- For rheotaxis, Kantsler et al., proposed the effective 'weather-vane model' to explain the anti-alignment of actively swimming sperm cells with external flow [Kantsler, Goldstein et al. eLife, 2014]. While this might have been the first theory paper on rheotaxis after the experimental findings by Miki et al., there are many more theory papers that followed thereafter (which can be found among the 271 citations of Miki et al. as of today)

I urge the authors to compare their minimal models to these previous more detailed models.

This will provide a crucial justification for their minimal models used in their study.


As will most mathematical models of a certain level of detail, this model comprises a large number of parameters.

I appreciate that parameters are presented in tabulated form and references are provided whereever possible.

Nonetheless, a sensitivity analysis would substantially strengthen the reported results.

- What are the key parameters that influence fertilization success most?

- Would a simpler model, say without the undulating surface of the reproductive tract, yield similar results?

- What role does the variability of flagellar length play?

Medium comments


How would results change for longer search times, or in the absence of immune activity?


The authors show that thigmotaxis improves fertilization success.

But it is not directly clear if this is a direct consequence of this motility behavior,

or if thigmotaxis helps sperm cells to hide from immune responses inside the grooves of the reproductive tract.

Simulations of thigmotaxis in the absence of immune activity should answer this question.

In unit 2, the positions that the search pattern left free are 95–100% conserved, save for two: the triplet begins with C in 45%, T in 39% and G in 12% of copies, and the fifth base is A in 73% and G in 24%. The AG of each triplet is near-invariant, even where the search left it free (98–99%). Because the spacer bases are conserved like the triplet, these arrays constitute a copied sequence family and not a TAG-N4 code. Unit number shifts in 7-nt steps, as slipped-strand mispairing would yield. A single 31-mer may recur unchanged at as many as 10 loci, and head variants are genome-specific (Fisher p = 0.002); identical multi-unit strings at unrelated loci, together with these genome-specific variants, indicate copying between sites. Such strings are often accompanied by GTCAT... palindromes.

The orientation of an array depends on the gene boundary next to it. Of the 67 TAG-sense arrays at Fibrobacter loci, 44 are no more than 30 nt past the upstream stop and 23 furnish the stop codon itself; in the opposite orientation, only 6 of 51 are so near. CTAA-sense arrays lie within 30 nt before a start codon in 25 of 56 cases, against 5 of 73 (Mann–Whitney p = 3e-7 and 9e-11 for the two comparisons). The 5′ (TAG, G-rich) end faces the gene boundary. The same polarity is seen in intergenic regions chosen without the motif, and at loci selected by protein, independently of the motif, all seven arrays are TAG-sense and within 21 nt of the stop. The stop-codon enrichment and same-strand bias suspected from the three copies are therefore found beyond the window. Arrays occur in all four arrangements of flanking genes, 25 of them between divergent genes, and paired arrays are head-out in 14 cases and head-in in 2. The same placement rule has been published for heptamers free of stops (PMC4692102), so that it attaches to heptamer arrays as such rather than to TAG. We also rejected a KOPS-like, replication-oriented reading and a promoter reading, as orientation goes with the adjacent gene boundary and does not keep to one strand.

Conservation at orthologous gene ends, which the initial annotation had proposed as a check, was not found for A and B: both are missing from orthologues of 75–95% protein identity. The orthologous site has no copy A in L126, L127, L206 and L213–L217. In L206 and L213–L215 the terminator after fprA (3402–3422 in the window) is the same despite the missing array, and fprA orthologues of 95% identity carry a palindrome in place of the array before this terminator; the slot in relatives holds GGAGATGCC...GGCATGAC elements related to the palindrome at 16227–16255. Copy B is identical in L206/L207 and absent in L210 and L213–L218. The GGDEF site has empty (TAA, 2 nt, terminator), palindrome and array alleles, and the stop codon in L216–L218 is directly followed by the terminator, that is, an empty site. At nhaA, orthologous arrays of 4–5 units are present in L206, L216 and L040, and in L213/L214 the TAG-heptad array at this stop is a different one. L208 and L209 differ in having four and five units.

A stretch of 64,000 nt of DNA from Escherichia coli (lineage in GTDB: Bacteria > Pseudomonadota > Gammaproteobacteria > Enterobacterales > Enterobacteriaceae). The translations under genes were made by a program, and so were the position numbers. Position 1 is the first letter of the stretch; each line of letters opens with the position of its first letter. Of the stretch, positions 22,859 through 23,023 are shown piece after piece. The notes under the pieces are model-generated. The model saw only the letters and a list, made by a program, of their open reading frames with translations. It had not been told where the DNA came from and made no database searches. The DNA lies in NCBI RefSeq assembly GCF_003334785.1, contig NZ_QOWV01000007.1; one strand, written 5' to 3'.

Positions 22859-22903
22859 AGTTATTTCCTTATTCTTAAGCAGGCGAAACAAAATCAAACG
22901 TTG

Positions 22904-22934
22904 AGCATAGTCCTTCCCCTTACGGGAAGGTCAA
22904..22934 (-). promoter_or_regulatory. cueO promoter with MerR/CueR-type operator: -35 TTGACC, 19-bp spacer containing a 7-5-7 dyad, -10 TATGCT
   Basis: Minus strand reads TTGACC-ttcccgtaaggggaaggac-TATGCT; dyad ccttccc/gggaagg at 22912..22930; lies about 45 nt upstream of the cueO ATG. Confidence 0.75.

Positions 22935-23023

How were the parameters for modeling the immune response determined?


For their rheotaxis model, the authors assume that flows starts below the UTJ compartment,

but that there is no flow in the oviduct itself (page 12, B, bullet point 1).

However, Miki et al. reported flows in the oviducts of mice, and proposed that these induce a relevant rheotaxis response

[Ref. 30: Miki & Clapham, Curr. Biol., 2013].

The authors should discuss this discrepancy.


For typical flow speeds in the reproductive tract, the authors cite Miki et al., who measured 20um/s in murine oviducts.

However, the radius of the oviduct is much smaller than the radii of the uterine cavity or cervix.

Thus, assuming the same flow speed in these compartments as in the oviduct would actually correspond to a substantially larger total volume flow.

Can the authors justify why the flow speeds considered represent the physiological range?


The authors mention additional biophysical processes in the discussion, but stay very brief on this.

I feel the manuscript would benefit if this section would be extended and references to the relevant literature were added.

- For example, what is the supposed role of progesterone-induced motilty responses?

Will these play a role only in the oviduct, or also in other compartments of the reproductive tract?

Can the authors review the state of the field whether progesterone induces chemokinesis or chemotaxis?

- Sperm cells interact with the ciliated epithelium in the oviduct:

To what extent is this interaction captured by the corrugated fine structure of the oviduct surface with primary and secondary folds as used here?

- The cervix is visco-elastic, while all fluids are treated as Newtonian fluids in this study:

Can the authors predict how the reported results would change qualitatively in a non-Newtonian fluid?

- Is it known at which stage of a sperm cell's progression through the reproduction tract capacitation occurs?

When do sperm cells become hyperactivated?

- Penetration of the cumulus layer represents an additional obstacle for fertilization that should be mentioned at least.

- Thermotaxis is a concept that might need discussion: there seems to be some indirect evidence from the Eisenbach laboratory but no firm confirmation and certainly no consensus in the field.

Even if the present study captures only the migration to the oviduct, and does not yet account for additional mechanisms inside the oviduct,